Photo via Flickr user Geishabot
Teen pregnancy rates in England and Wales have almost halved since 2007, which is sad for your mom—your mom loves to gossip about all the girls you went to school with who have since fallen pregnant, doesn't she, your mom, over a cup of tea, your mom, hissing almost with the deliciousness of the gossip. "Lisa—you know Lisa," your mom is saying, "the almost-pretty girl in the year below you. Well—" and she pauses, your mom, she pauses to really breathe in the moment, "—well, she's pregnant, and Jan [Jan is Lisa's mother, you know this] doesn't think she's going to get her GED." Your mom loves this. She lives for this news. She has no joy for the baby about to be born. But while sad for your mom, the drop in teen pregnancy is generally being seen as "a good thing." So that's good.
The Office for National Statistics released figures Thursday showing that teen (i.e. 18 and under) pregnancy rates in England and Wales in 2014 were down 6.8 percent from the year before, and they are now at their lowest since 1969. There were approximately 23 conceptions for every 1,000 15- to 17-year-old in 2014, compared to the previous high, in 1971, of 55. It means the target set by the then-Labour government in 1998 to halve teen pregnancy rates by 2010 has now finally been met.
Other fun top line notes: The number of conceptions to women under 16 was 4,160 in 2014, down 10 percent from the previous year. The overall conception rate in England and Wales was down by 0.2 percent, and the rate of pregnancy among older women (classed as over 25, terrifyingly) rose, which leans toward a trend of older motherhood. I mean, based on the statistics, there is a window of about a month and a half where you aren't classed as a teen mother or an old mother, so you best crank a baby out then. But yeah, on the whole, conception rates are seen to be in good shape. The abortion rate among unmarried women was down a touch from 31.2 percent to 31 percent, and among married women, it was up 7.8 percent.
But why? Why? Why? Why? Why? Why? Why? Why? But why? Why?
Well, experts reckon the teen pregnancy fall is down to a couple of things: sustained sex education policies, access to condoms and assorted other contraception, and, err, "social media being a thing." Let's start with the condom and sex ed thing, something that could well be at risk following recent budget cuts. "It is vital to keep a focus on teenage pregnancy to sustain the progress made and narrow inequalities," government strategy advisor and University of Bedfordshire lecturer Alison Hadley told the BBC. "Universal, high quality sex and relationships education, well-publicized, easy-to-use contraceptive and sexual health services, a youth-friendly workforce, and good support for young parents all need to be in place so successive generations of young people have the knowledge, skills, and confidence to make choices."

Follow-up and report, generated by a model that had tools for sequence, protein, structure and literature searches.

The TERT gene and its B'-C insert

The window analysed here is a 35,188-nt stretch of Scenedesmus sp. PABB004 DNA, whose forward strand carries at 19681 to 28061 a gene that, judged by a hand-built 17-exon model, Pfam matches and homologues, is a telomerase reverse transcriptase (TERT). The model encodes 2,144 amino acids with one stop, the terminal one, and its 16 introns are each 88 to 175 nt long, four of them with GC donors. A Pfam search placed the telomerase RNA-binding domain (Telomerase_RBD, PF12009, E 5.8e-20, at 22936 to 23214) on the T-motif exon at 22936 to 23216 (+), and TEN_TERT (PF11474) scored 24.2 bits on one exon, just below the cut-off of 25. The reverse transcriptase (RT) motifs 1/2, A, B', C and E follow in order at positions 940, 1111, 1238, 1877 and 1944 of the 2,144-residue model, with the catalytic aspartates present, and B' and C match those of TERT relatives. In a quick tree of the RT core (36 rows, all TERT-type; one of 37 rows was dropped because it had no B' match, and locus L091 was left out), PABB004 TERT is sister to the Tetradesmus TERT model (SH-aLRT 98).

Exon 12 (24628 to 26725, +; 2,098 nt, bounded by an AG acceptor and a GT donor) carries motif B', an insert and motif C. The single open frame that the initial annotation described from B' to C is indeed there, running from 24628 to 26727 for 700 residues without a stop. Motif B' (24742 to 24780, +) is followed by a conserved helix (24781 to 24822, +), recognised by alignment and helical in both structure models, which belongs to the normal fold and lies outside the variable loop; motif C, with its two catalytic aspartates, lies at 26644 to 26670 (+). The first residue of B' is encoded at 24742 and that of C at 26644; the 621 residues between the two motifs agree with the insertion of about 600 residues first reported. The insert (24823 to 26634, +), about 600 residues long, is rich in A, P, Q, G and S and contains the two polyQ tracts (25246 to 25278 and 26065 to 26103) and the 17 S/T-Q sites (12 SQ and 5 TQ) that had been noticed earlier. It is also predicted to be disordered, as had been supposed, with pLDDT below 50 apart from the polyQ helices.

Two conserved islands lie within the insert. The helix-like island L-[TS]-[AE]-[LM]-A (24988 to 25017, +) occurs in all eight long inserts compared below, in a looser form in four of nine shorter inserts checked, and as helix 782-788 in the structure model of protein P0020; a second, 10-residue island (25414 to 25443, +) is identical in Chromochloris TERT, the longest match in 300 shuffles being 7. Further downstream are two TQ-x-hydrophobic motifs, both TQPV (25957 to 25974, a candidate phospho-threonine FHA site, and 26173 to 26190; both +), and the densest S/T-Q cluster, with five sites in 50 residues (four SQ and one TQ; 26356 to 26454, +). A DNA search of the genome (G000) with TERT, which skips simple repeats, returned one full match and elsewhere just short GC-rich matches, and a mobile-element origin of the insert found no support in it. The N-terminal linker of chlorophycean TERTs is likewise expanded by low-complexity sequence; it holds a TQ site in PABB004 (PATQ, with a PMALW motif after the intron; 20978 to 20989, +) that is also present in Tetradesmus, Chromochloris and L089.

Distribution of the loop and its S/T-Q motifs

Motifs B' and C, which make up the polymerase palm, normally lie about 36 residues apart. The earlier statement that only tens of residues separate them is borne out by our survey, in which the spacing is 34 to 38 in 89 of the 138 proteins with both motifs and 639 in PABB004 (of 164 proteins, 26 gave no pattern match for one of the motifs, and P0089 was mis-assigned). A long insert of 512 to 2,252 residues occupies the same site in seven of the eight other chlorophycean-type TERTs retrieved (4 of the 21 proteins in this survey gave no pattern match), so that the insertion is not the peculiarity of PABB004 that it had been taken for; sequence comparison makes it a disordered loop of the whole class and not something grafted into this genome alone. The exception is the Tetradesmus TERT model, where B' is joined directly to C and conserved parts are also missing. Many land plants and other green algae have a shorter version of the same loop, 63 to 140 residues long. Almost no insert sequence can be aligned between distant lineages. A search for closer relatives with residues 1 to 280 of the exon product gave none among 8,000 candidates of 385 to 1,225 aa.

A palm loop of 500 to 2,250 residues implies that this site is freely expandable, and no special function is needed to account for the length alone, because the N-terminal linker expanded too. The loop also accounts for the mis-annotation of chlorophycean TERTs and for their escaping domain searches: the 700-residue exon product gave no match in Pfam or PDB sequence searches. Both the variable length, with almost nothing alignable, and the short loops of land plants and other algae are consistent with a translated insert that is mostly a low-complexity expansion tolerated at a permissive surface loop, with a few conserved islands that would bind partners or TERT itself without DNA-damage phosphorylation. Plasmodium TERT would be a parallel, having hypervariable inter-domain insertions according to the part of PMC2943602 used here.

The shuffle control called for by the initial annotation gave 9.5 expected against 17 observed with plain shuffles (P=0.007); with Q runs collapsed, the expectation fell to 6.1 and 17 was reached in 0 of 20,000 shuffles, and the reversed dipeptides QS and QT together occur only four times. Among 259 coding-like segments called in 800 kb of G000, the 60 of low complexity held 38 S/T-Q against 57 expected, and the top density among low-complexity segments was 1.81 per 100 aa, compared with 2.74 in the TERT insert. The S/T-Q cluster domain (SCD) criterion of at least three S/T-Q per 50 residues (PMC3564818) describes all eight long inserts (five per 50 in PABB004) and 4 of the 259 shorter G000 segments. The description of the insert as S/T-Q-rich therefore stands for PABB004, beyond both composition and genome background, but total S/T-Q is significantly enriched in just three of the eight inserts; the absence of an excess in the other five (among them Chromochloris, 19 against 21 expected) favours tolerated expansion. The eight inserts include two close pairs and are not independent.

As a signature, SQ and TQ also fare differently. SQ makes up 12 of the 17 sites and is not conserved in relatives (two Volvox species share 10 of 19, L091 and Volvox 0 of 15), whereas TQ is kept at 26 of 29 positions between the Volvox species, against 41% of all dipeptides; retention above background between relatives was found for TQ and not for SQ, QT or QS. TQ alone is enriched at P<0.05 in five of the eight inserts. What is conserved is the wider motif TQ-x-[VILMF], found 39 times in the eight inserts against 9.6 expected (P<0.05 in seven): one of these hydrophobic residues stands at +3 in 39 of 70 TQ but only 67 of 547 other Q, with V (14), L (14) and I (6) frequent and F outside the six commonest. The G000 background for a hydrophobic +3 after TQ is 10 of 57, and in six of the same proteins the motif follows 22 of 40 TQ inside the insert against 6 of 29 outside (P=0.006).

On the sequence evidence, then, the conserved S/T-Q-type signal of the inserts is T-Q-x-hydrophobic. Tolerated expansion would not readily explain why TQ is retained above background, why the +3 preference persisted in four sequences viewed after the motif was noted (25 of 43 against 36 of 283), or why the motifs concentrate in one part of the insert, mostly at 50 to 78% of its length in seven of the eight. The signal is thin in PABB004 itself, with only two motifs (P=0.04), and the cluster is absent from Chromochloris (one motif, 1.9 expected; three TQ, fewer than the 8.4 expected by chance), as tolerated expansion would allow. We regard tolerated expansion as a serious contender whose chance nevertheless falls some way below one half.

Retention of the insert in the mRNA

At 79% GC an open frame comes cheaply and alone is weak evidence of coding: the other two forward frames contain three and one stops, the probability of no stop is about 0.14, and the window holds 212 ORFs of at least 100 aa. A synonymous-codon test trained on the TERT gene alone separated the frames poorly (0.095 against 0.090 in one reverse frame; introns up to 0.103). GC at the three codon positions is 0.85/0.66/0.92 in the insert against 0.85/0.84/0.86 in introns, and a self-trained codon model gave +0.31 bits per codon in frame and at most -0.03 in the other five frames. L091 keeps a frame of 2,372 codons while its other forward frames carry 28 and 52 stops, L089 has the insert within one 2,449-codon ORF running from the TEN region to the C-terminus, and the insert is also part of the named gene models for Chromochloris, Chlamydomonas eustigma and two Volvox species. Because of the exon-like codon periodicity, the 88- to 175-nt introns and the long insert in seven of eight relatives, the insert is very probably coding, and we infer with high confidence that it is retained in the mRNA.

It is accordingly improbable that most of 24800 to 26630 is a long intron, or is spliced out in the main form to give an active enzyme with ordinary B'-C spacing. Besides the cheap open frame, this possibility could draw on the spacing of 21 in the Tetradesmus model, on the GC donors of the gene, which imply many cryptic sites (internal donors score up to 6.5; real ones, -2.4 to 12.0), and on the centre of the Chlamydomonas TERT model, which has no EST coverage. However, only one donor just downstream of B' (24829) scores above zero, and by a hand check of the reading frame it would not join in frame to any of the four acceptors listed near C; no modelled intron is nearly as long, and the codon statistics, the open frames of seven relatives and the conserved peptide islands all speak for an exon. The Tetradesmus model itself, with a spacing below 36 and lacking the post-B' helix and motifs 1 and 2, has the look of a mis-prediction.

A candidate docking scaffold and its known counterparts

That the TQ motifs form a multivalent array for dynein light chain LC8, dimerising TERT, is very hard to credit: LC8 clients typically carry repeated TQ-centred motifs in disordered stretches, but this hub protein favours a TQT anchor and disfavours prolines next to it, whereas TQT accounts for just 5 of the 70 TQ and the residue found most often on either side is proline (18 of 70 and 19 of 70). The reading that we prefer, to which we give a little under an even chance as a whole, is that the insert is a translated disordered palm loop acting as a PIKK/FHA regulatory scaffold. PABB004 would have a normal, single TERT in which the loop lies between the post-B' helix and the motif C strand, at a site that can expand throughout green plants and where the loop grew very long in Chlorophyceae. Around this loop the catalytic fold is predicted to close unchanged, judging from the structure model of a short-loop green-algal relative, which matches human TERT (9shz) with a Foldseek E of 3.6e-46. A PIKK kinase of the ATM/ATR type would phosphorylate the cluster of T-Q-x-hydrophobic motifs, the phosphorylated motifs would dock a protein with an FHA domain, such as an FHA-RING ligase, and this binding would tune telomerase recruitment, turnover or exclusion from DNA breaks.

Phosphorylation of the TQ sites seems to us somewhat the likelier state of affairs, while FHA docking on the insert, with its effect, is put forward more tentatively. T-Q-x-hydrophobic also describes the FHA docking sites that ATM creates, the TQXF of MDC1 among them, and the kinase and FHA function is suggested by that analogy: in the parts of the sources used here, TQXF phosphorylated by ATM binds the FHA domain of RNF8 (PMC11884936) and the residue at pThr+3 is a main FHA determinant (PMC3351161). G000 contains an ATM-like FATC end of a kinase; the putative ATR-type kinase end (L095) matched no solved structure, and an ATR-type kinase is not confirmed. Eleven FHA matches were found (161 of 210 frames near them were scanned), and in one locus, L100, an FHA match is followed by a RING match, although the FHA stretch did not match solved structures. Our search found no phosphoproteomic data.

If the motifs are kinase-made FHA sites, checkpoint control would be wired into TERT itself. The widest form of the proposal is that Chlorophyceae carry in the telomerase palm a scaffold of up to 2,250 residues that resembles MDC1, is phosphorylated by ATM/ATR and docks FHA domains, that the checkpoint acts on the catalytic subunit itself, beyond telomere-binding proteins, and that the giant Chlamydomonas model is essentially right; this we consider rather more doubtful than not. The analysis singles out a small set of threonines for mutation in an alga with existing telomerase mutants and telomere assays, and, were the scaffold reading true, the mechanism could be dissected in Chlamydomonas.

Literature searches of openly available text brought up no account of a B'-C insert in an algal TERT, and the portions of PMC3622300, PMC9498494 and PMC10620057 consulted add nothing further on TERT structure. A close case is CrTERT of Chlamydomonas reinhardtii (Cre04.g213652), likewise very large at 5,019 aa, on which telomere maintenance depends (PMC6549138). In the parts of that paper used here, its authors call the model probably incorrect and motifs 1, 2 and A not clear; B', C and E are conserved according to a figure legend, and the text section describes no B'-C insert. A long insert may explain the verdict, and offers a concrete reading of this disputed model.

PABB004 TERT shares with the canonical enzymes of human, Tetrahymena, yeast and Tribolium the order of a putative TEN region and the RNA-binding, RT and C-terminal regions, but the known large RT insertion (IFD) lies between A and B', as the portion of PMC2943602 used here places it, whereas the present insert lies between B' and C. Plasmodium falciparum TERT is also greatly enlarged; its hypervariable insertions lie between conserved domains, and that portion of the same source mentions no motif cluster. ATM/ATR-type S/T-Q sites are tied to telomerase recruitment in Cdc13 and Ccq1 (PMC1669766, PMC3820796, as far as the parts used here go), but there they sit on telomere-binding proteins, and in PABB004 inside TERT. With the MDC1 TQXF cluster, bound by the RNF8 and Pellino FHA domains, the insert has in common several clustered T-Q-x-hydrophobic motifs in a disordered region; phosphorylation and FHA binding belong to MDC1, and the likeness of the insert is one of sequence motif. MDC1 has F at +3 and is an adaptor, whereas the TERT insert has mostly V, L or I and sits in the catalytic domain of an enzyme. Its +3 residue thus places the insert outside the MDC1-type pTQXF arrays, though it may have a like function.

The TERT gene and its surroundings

But your boy Professor David Paton has taken a look at the fact that teen pregnancies have dropped 45 percent since 2007 and the advent of social media, and he has gripped a dog-eared copy of Freakonomics to his chest and told the Telegraph that teens—these vile, awful teens, with their texting and their Snapchat and their YikYak and their Instagramming of food—that teens might be so preoccupied with social media that they forget to go out and illicitly and unsafely bone, thus the teen pregnancy rate eases as the number of no filter selfies increases.
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"It does potentially fit in terms of timing," he said. "People [appear to be] spending time at home—rather than sitting at bus stops with a bottle of vodka they are doing it remotely with their friends." Paton also argued access to contraception alone couldn't explain the fall due to major budgeting cuts in that area, but major improvements in schools in London around the same time could go some way to explaining the reduced teen pregnancy rate in that area. On the whole, "Nobody really knows why we've got this sudden change around about 2007 to 2008."
Just looking at what else happened in 2007 could explain the drop. "The new Ford Mondeo went on sale in Britain with a range of saloons, hatchbacks, and estates," it says here. Is that information helping anyone? Does it make you want to fuck or not fuck? Let's see what else. "The Concert for Diana was held in memory of Diana, Princess of Wales"; "Sir Menzies Campbell resigned as leader of the Liberal Democrats"; "Pop four piece Scooch controversially won the right to represent the United Kingdom at the Eurovision Song Contest in Helsinki, Finland." Some mysteries we will never be solved. Some mysteries only the universe will truly know.
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Topics: pregnancy, teens, teen pregnancy, that dastardly social media, conception, birth, babies, sex, contraception, VICE UK, Joel Golby, snapchat, texting, instagram, condoms, The Office for National Statistics, sex ed, England and Wales, health, sexual health, the vice guide to right now, vgtrn